Time is counted according to the number of hours past either morning or night (morning being 6 AM, night being 6 PM). The word "saa" is used in front. NOTE: this counting from morning/night is used even if another modifier (afternoon, early evening, etc.) is used in the sentence to clarify the time. The number is still what is counted from 6 AM or 6 PM.

saa kumi na mbili asubuhi (6 AM)
saa moja asubuhi (7 AM, hour one of the morning)
saa tano asubuhi (11 AM)
saa sita mchana (12 PM)
saa tisa alasiri (3 PM)
saa kumi na moja jioni (5 PM)
saa kumi na mbili jioni (6 PM)
saa moja usiku (7 PM)
saa nne usiku (10 PM)

Terms like quarter past (na robo), half past (unusu/na nusu), and quarter before (kasorobo) can also be used after the hour. "Na dakika" can be used to specify the number of minutes

saa saba unusu mchana (1:30 PM)
saa tisa na robo usiku (3:15 AM)
saa tano na dakika kumi asubuhi (11 AM)
saa kumi na mbili kasorobo alfajiri (5:45 AM)


early morning time

alfajiri/asubuhi mapema sana (5:00 AM - 5:59 AM)


morning time

asubuhi (6:00 AM - 11:59 AM)


afternoon time

mchana (12:00 PM - 2:59 PM)


late afternoon time

alasiri (3:00 PM - 4:59 PM)


evening time

jioni (5:00 PM - 6:59 PM)


night time

usiku (7:00 PM - 4:59 AM)


quarter past (time)

na robo


half past (time)

unusu/na nusu


quarter before (time)



Adjective agreement with N-Class (9/10) nouns

Varies depending on the adjective. The adjective form is THE SAME for both singular and plural (like the noun form but unlike other forms such as demonstratives, possessives, verbs, etc.)

If the adjective stem begins with d, z, or g: takes an n for N-Class nouns.
kalamu ndogo (small pen, small pens)
nyumba nzuri (beautiful house, beautiful houses)

If the adjective stem begins with a b: takes an m (an exception is -pya, which also takes m).
kahawa mbaya (bad coffee)
meza mpya (new table, new tables)

If the adjective stem begins with a vowel: takes ny or y (exception is -ema [good] which becomes njema).
safari nyingi (many trips)
chaki nyeupe (white chalk)
mvua njema (good rain)

If the adjective stem begins with a nasal n, m, ng, or p, f, t, s, sh, ch, or k: no prefix.
shule kubwa (big school, big schools)
redio kongwe (old radio, old radios)

If the adjective stem begins with r: the r changes to d and the prefix is n.
ndizi ndefu (long banana, long bananas)

If the adjective stem begins with w, the w changes to b and the prefix is m.
lugha mbili (two languages)

Any N-class noun that refers to something animate will take M-Wa class prefixes on the adjectives.
tembo mkubwa (big elephant)
rafiki wawili (two friends)


Adjective agreement with Ji-Ma (5/6) nouns

Usually, in the singular form (5), the adjective does not take any prefix.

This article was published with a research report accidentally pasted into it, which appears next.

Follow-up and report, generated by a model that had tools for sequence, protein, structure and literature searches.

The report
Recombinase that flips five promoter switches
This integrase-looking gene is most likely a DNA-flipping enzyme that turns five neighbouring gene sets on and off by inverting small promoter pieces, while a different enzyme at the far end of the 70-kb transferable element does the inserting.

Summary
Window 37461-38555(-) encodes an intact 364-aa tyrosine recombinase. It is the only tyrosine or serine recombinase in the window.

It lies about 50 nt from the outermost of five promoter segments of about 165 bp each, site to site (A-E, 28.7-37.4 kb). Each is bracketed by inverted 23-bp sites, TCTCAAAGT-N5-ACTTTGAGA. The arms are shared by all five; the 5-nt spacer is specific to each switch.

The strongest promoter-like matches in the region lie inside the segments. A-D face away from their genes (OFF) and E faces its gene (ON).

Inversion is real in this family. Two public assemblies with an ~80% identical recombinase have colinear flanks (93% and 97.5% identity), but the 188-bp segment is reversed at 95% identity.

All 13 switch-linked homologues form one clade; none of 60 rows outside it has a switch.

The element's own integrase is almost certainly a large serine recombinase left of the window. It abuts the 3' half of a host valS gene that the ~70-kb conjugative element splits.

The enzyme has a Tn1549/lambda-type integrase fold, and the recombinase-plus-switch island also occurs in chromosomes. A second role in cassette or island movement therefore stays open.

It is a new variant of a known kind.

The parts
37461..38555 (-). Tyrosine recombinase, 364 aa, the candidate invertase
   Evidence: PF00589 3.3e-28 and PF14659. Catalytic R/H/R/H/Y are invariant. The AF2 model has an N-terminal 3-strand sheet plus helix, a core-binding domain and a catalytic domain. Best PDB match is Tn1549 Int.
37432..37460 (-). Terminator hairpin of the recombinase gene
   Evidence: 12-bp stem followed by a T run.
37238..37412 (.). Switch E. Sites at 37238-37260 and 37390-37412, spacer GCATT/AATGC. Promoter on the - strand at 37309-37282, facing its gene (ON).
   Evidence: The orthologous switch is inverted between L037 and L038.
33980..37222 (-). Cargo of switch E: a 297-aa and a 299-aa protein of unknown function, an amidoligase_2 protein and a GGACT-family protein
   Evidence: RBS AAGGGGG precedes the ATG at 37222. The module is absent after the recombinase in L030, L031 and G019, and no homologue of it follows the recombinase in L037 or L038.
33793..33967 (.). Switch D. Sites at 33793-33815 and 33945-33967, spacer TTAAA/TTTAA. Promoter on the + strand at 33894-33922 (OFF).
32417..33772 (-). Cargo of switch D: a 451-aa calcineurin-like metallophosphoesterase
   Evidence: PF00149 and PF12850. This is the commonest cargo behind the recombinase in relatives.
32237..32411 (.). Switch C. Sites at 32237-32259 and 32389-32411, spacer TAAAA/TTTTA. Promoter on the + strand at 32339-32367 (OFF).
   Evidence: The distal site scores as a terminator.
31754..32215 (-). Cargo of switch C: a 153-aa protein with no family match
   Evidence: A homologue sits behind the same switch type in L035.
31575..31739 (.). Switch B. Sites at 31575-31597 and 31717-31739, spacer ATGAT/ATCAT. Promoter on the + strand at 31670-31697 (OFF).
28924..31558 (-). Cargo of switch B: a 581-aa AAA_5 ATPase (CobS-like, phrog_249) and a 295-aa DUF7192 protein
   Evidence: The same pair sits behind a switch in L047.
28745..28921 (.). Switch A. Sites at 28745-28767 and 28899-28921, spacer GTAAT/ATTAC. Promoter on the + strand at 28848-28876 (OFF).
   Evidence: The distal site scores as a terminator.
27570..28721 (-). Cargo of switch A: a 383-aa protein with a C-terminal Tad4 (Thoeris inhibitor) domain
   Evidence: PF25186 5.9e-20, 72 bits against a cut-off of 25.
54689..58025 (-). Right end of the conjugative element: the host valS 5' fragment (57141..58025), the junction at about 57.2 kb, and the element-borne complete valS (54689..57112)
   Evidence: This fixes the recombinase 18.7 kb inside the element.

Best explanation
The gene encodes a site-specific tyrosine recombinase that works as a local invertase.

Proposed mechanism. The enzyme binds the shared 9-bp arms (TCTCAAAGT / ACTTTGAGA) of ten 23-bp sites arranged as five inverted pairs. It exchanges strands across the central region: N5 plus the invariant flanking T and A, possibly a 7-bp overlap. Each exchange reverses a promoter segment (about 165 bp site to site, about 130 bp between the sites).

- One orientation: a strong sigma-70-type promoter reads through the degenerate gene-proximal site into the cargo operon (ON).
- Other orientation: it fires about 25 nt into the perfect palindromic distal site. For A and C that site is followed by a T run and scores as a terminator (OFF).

gari zuri (beautiful car)
chungwa dogo (small orange)

However, for adjective stems with only one syllable, for singular nouns the prefix JI is used
gari jipya (new car)

If the stem begins with a vowel, J is used in the singular form and MA becomes M for the plural form.

gari jeupe (white car)
daftari jeusi (black notebook)
jewe jekundu (red stone)


Telling the date

The question, "Leo ni tarehe ngapi?" literally means, "Today is how many dates?". To answer: Leo ni + (day of week) + tarehe + number + (mwezi) + (month) + (mwaka) + (year). "Mosi" is used for the first.

Leo ni Jumatano, tarehe mosi Novemba (Today is Wednesday, November 1st)
Tarehe mosi mwezi wa Januari mwaka elfu moja mia tisa na tisini na tisa (January 1, 1999)
Tarehe ishirini na tano mwezi wa Disemba mwaka elfu moja mia tisa na themanini na nane (December 26, 1988.


Sound changes

1) U, MU, and KU before another noun become W, MW, and KW.
2) WA, MA, YA, PA, + stems beginning with A, E, or O: the A on the prefix is lost. A+I become E.
3) For JI, LI, and ZI, the I is lost before a stem starting with a vowel.
4) I (not preceded by a consonant) becomes Y before a vowel.
5) KI, VI, MI + stem beginning in I: The two I's merge.
6) MI before vowels other than I becomes MY.
7) KI and VI before a vowel other than I become CH and VY.
8) When W occurs in a midposition before O, it is dropped.


Asking "which?"

Pronominal prefix + PI
Unapenda kitabu kipi zaidi? (Which book do you like most?)
Unasema lugha zipi? (Which languages do you speak?)
Exception: With Ma words, becomes "wepi"
Watoto wepi wanalala?


Demonstratives from locative class

The demonstratives from the locative class can be used to form words for "here" and "there"

Hapa = here, specifically
Pale = there, specifically
Huku = around here generally
Kule = around there generally
Humu = inside here, in here
Mule = inside that place over there